November 2, 2011

Florida State's D-line has been dominant thus far

During Florida State's three-game win streak, perhaps no segment has been as dominant as the defensive line. The same could also be said about most of the season.

FSU is giving up just an average of 77 yards per game on the ground and has recorded 29 sacks. They rank fourth nationally in both categories.

Head coach Jimbo Fisher said he could tell the defensive line was going to be dominant as early as preseason camp.

"You have size, speed, power and athleticism and now you've got some experience," he said on Monday. "That's why they were recruited. There are guys up there that will have a shot to make some money (in the NFL) and have a career and keep playing well. But I did think that we would be pretty good up front and with some depth."

For middle linebacker Vince Williams, it was during the season opener when he realized how dominant the defensive line could be.

"(We as linebackers) didn't even make a tackle until like the second half," Williams said, almost in disbelief. "I was like 'I'm a starting middle linebacker. I don't have a tackle this game. They're running the ball like every play and I'm yet to make a tackle.' So when you're defensive line is eating people up like that, that's when it's unbelievable."

The defensive line has been powered along the interior thanks to four-man rotation of defensive tackles, Anthony McCloud, Everett Dawkins, Cameron Erving and true freshman Timmy Jernigan.

With fresh bodies inside it has freed up the defensive ends to get into the backfield. Brandon Jenkins has 6.5 tackles for loss and 3.5 sacks, and on the other side Bjoern Werner leads the team with 7.5 tackles for loss and six sacks. Werner's backup Cornelius Carradine has also been a disruptive force with four sacks.

"As a whole defensive line we've just been working hard," McCloud said. "Challenging each other at practice to finish a play, get to the quarterback."

After Jacobbi McDaniel (ankle) went down for the year against Duke with an injury, McCloud and both Jernigan knew there workload would increase. Neither has wasted the opportunity of extra snaps.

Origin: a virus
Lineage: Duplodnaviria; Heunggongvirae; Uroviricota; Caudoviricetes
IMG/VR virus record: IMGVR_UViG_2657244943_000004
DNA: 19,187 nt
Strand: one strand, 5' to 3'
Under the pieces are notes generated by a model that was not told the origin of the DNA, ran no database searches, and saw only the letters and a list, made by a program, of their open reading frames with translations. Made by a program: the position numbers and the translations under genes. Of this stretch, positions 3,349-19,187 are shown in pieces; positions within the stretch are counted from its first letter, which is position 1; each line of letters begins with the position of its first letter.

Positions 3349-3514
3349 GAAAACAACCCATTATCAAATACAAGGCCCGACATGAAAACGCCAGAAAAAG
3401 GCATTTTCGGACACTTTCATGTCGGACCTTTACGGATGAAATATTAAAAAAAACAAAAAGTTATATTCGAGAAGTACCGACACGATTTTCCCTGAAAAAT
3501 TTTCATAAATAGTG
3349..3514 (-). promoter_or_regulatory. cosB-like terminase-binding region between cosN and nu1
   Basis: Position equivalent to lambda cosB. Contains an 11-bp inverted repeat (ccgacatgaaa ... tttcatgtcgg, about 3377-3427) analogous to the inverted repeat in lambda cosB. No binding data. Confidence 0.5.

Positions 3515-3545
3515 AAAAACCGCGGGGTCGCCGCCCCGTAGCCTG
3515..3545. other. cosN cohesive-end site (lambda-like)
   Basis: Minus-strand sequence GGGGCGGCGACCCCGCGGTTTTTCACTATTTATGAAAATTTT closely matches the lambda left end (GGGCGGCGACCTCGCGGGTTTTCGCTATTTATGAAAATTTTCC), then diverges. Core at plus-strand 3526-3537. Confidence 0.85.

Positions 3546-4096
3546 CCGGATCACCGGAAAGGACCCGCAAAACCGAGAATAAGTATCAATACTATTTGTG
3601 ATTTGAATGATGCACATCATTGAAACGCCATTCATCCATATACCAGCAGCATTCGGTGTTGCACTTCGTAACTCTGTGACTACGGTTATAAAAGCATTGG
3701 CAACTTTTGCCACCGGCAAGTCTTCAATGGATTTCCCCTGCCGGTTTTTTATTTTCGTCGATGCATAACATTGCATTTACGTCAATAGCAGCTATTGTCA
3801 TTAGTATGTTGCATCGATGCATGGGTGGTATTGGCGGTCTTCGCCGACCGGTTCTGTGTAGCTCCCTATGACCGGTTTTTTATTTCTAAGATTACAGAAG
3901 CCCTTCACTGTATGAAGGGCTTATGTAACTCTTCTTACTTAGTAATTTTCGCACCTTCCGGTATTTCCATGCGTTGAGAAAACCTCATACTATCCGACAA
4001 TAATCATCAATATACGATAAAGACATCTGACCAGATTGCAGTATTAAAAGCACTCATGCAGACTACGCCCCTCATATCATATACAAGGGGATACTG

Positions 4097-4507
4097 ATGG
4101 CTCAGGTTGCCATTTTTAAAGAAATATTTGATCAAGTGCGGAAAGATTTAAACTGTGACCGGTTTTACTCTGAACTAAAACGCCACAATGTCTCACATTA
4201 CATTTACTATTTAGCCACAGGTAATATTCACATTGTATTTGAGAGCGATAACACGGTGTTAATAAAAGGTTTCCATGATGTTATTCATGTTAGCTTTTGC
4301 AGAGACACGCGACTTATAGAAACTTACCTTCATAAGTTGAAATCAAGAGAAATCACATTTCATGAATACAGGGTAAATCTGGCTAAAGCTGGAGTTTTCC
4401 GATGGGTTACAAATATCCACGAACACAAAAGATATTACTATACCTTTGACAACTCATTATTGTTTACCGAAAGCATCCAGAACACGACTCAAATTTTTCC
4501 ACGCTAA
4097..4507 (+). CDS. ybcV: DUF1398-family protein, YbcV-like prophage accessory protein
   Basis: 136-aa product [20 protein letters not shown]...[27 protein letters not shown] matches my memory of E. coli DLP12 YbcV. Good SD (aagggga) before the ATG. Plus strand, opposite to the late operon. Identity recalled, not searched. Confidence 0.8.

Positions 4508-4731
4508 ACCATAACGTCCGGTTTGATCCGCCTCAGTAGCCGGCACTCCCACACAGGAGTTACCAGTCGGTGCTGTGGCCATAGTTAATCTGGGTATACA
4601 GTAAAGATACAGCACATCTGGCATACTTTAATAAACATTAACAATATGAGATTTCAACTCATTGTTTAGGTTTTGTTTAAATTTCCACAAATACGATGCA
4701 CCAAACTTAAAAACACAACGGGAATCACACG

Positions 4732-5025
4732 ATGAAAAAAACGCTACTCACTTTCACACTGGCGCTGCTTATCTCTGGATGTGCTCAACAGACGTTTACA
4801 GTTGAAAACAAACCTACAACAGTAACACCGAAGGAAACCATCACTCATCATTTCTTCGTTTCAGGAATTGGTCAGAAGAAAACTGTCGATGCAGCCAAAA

McCloud, a redshirt junior, has recorded 17 tackles, four for loss and two sacks this season. Jernigan, who was named ACC Defensive Lineman of the Week for his performance against N.C. State, has come on strong with 21 tackles, five for loss and 2.5 sacks.

McCloud said the rotation is what has made the defensive line so disruptive. After he and Dawkins go in for a few series, Jernigan and Erving are able to come in fresh.

"We go out there first, bruise up the offense a little bit," McCloud said. "Then we're going to put Tim Jernigan in and let him just go off, and he's been going off. So I think that works."

FSU will need a deep rotation on Thursday night as they take on Boston College. The Eagles have been a thorn in the Seminoles' side the last three seasons, winning two of three and rushing for no less than 170 yards in each meeting.

Much of that success has been due to the performances of BC running back Montel Harris - who will miss the remainder of the 2011 season with an ankle injury - and a size advantage along the offensive line.

With Harris out, and FSU finally having the size to match up inside as all four defensive tackles are close to or over 300 pounds, Williams thinks it will be different this season.

"I think that the size that we have up front now, not only the size, but the strength I think it's going to change the game a lot from even last year," Williams said. "With additions like Bjoern Werner playing a lot more, (Anthony McCloud) playing a lot more, so I think with those guys being in there it's going to change the game."

BC is averaging just 146.5 yards per game on the ground this season, but the Eagles are coming off a big performance against Maryland. BC racked up 372 yards on the ground against the Terrapins, 243 of which came from Harris' replacement Rolandan Finch.

Still, Williams likes FSU's chances with the way the defensive line has been playing.

"Boston College always does a great job recruiting tremendous offensive lineman," Williams said. "Real, real big guys. It's going to be a little different playing a team of that length … so we're just going to try to make them one-dimensional and see if they can get the run on us. I don't really think any one is going to be able to run on our front four."

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